This study included a total of 148 patients aged eight to 18, who were diagnosed with reflux esophagitis through endoscopy between January 2017 and January 2018 in a hospital providing secondary care. Before the study, approval was obtained from the ethics committee and written/verbal consent were obtained from the families of the children. During the endoscopy procedure, two or three biopsy samples were taken from the esophagus. In patients, who were found to have erosive esophagitis through endoscopy, the classification was made according to the Los Angeles classification.6 Patients with reflux and without erosive esophagitis in endoscopic evaluation were defined as non-erosive GERD. As a result of histopathology, patients diagnosed with Crohn's disease and eosinophilic and infectious esophagitis were excluded from the study (Table 1). Lifestyle modifications and diet were recommended to the patients with reflux. Patients were consecutively divided into two groups. A single oral 15 mg/day dose lansoprazole was administered for children with a weight of <30 kg whereas 30 mg/day dose7 was administered for those with a weight of >30 kg. The drug was given for four weeks in Group 1 and eight weeks in Group 2. Control endoscopy and histopathology was performed at the end of the treatment in both groups. Esophagitis levels classified according to the Los Angeles classification were compared. Furthermore, it was questioned whether there was an improvement in the following initial complaints: burning in the stomach, abdominal pain, bloating, belching and flatulence, nausea-vomiting, a bitter or acidic taste in the mouth, and water brash. Headache, abdominal pain, diarrhoea, vomiting, bloating, and upper respiratory tract infections that were not present initially but developed after drug use were considered as side effects.
Secondary outcome measures are the frequency of side effects such as headache, abdominal pain, diarrhoea, vomiting, bloating and upper respiratory tract infections at the end of four and eight weeks of treatment.
Nine patients diagnosed with eosinophilic esophagitis based on the histopathology result were excluded from the study. Eight of the patients were excluded from the study because they declined participation in the study and 13 patients start the treatment but cannot complete the whole treatment. The remaining 118 patients were consecutively divided into groups; Group 1 consisted of 58 patients and Group 2 consisted of 60 patients. The mean age of the patients was 10.42±1.34 years. The female-to-male ratio was 1.3/1. The demographic characteristics of the groups, symptoms at the time of admission, and comparison results according to esophagitis findings are presented in Table 2. The recovery rate was 89.5% after four weeks in Group 1 while this rate was 91.2% after eight weeks in Group 2. Histopathological improvement is 70% and 74%, respectively, were similar in the two groups. The difference between the groups was not statistically significant (p>0.05) (Figure 1). The most common side effects in both groups were abdominal pain, headache, and diarrhoea, which were seen at a rate of 3.4%, 3.7%, and 3.1% in Group 2, respectively. In Group 1, these rates were found to be 1.6%, 2.1%, and 1.9%, respectively. Although the difference between the groups was not statistically significant, the incidence of side effects was low in Group 1 (Figure 2).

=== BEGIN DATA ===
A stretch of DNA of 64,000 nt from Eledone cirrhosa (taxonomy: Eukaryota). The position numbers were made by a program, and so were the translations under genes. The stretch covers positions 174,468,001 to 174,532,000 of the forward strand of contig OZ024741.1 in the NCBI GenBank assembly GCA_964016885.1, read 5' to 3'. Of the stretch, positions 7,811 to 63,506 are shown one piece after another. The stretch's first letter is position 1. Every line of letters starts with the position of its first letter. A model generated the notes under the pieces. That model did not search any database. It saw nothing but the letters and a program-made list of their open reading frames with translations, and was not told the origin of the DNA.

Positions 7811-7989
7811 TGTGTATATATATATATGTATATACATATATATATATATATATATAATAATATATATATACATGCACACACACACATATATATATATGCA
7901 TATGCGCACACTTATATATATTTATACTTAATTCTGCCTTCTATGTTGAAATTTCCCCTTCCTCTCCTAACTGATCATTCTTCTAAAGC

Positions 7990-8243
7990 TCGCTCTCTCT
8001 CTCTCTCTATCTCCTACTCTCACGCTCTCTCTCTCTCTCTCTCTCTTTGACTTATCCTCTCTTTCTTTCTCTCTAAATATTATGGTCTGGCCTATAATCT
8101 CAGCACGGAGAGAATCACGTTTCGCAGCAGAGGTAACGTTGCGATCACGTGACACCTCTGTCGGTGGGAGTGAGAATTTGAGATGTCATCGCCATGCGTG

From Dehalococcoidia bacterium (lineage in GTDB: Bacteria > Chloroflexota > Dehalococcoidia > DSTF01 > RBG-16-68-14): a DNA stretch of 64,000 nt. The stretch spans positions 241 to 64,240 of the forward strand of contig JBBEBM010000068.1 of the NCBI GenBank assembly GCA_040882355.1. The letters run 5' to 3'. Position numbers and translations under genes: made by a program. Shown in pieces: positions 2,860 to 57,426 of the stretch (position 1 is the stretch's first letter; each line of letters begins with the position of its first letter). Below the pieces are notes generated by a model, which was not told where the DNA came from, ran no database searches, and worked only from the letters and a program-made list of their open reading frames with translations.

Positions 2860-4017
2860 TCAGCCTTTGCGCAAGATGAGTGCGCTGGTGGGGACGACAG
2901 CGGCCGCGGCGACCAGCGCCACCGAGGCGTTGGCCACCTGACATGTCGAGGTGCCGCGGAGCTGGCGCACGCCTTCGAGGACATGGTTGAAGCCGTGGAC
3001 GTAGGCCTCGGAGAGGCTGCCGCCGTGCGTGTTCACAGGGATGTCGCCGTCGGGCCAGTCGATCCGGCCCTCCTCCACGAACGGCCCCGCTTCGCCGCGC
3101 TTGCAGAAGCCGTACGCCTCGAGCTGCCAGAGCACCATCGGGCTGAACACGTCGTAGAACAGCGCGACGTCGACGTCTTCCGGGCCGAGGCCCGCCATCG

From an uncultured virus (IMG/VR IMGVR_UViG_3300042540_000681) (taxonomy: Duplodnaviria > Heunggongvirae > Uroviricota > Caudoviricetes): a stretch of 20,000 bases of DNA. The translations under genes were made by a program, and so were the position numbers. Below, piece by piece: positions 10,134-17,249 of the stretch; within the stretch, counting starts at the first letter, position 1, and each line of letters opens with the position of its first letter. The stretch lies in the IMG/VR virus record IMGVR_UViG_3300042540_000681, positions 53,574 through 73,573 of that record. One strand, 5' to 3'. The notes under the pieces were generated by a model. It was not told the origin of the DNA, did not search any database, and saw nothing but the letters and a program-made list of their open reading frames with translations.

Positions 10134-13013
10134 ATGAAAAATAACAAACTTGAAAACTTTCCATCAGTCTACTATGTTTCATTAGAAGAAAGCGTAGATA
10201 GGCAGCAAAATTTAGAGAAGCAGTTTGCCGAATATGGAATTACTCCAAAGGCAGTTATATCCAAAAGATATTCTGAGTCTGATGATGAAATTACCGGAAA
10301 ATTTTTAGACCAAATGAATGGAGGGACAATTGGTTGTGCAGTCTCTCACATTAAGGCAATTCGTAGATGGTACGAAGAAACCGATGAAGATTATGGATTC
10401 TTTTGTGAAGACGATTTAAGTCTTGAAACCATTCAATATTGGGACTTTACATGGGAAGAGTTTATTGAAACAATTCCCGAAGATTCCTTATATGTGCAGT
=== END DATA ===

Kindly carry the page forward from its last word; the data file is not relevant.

In a study in the literature, eight-week lansoprazole 15 mg treatment was compared with lansoprazole 30 mg in patients with non-erosive GERD and the recovery rate was found to be similar.8 In another study, the efficacy of four-week lansoprazole 15 mg, 30 mg, and 60 mg treatment was shown to provide better results compared to placebo and the results were reported to be similar between the groups.9 In another study, PPI treatment was applied for a total of eight weeks, 15 mg in patients with non-erosive esophagitis and 30 mg in patients with erosive esophagitis, and the rate of improvement in symptoms was reported to be similar in both groups and recovery was reported in patients with erosive esophagitis with eight-week treatment.10 In a study involving adult patients, similar results were reported to be obtained when the lansoprazole 15 mg and 30 mg treatment were compared in patients with GERD.11 The comparison of placebo and ranitidine with four- and eight-week single dose PPI (15 mg or 30 mg once daily) treatments in patients with non-erosive GERD showed that PPI was significantly superior to ranitidine and placebo and dose-independent side effects and duration of treatment were similar.12 The results obtained from our study are similar to those in the literature. The efficacy of short-term and long-term treatment has been shown to be similar. In the present study, the majority of the study population were patients with non-erosive and low-grade erosive esophagitis. In a study involving patients with erosive esophagitis due to GER, in which the eight- and 12-week use of lansoprazole were compared, all patients were seen to be recovered at the end of 12 weeks whereas the recovery rate was reported to be 78% in the eight-week treatment and the difference was found to be statistically significant.10
With clinical significance of 0.05, and a power of 80% to detect an absolute difference of 20% we needed a sample size of 60 patients for Group 1 and 60 patients for Group 2. In our study, the first group consisted of 58 patients, and the second group consisted of 60 patients. This is the limitation of the study.
Limitations of this study the impedance-pH monitoring could not be performed in patients for diagnostic purposes. Since the majority of the study population consisted of patients with non-erosive esophagitis and those with grade A and B esophagitis according to the Los Angeles classification and a sufficient number of patients with severe esophagitis could not be reached, treatment response could not be compared in these patients.
In conclusion, in children who develop reflux esophagitis due to gastroesophageal disease, four-week lansoprazole treatment has been found to be as effective as the eight-week treatment. However, further randomised controlled trails are needed to confirm the finding of this study.
Declaration of Interest